The verdict is in: Google’s changes to its search engine results pages are getting mixed reviews.
For digital marketers, the surprise refresh of the year came in February, when Google released perhaps the most significant update to its search engine results pages (SERPs) in the last five years.
The changes have been a boon to some advertisers and the bane of others.
The update, which arrived unannounced six months ago, has had a tremendous impact on both search engine optimization (SEO) results and search engine marketing (SEM) accounts that advertise with AdWords. The update removed the text ads from the right sidebar of the SERPs for desktop and laptop devices. Now, the ads are only shown inline with the organic listings on each page—both above and below them.
The number of text ads above and below organic results is not fixed. Search pages display a maximum of four ads above the organic listings and a maximum of three below them. This is a departure from the previous display, which held a maximum of three top spots.
More recently, the format of the ads themselves has also changed, allowing for the use of site-link extensions, call-out extensions, and increased character counts for both the headlines and descriptions of ads. This isn’t just for the top spots, either. All ads can employ these features.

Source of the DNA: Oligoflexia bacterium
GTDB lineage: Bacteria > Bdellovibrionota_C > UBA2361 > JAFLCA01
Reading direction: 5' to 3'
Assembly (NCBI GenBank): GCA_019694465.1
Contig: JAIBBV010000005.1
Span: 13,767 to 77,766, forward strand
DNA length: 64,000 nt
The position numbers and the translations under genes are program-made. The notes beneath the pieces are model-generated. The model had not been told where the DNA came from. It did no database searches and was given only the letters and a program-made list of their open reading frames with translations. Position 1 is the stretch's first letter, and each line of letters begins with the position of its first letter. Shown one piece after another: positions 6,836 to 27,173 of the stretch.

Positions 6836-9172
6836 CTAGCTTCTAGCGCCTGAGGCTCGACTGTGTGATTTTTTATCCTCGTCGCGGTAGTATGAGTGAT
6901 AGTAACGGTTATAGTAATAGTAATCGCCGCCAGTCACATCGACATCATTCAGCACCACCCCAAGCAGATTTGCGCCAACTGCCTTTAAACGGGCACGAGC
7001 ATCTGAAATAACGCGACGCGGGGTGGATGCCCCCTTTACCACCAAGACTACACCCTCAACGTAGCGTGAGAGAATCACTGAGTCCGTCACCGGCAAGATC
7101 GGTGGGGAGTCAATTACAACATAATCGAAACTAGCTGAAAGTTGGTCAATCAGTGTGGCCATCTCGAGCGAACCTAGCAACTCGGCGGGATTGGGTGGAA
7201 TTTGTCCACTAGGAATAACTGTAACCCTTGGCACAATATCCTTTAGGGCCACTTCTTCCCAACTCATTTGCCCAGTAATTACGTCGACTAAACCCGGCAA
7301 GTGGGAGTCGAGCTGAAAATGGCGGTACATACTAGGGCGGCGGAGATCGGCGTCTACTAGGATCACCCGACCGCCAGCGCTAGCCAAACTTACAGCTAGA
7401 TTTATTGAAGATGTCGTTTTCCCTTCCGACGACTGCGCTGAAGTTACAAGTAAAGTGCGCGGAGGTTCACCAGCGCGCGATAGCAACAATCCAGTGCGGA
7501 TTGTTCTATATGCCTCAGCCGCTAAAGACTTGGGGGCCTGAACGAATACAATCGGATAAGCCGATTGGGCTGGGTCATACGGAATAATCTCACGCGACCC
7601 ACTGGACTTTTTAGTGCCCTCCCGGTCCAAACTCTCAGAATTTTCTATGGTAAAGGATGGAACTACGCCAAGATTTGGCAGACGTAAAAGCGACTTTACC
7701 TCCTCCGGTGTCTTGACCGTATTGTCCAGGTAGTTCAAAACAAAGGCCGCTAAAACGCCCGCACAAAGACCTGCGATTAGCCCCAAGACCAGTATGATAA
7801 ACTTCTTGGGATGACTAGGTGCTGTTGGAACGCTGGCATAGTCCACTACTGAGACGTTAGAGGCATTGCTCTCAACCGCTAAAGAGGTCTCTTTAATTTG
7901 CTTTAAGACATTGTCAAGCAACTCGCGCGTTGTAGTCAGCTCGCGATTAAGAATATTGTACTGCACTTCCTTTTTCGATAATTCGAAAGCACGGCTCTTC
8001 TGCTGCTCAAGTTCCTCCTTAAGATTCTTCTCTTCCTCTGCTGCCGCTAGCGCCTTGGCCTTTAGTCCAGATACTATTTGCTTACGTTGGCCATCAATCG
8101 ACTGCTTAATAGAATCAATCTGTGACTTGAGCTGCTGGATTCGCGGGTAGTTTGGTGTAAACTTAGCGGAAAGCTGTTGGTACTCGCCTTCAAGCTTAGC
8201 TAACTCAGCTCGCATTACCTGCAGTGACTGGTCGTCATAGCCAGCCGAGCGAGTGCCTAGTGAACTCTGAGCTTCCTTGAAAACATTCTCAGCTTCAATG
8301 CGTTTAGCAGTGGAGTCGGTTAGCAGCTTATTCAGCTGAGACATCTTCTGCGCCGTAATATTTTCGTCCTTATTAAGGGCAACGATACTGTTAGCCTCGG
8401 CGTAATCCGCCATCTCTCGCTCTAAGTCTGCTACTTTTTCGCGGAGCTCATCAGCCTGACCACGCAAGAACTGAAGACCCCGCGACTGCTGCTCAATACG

The layout changes have received a positive reception from shopping advertisers, those in the top spot, and those who like to see simpler, more relevant advertising in their SERPs (users).
While the net effect for Google advertisers is positive in terms of visibility, the drawbacks are substantial. For digital marketers, it’s a mixed bag; on one hand, we can provide better paid results for our shopping advertisers, but there is no way to get around the reduced effectiveness of organic listings. Advertisers historically comfortable with costs associated with the text ads appearing in the right sidebar are now forced to bid higher in an effort to fight for the more limited real-estate. This means brands now have to sink more money into both paid search campaigns and SEO campaigns to achieve the same or slightly better results.
The impact of the expanded text ads remains to be seen, and it likely will have a mixed result for marketers. While we can bet the extensions and added characters will make advertising on Google much more attractive, it will likely have an even more deleterious effect on organic results as the top slots continue to push organic slots down.
Google is planning many more changes to come, including the use of local search ads in Google Maps and Google.com, responsive ads for different device types, device-specific ad bids, and more. Undoubtedly, these changes will mean great things for advertisers, but it remains to be seen what the impacts will be for organic results. Despite the uncertainty, however, the fact that Google is working hard to make SERPs more useful for both advertisers and users is encouraging and should be commended.
Roland G. Cardoza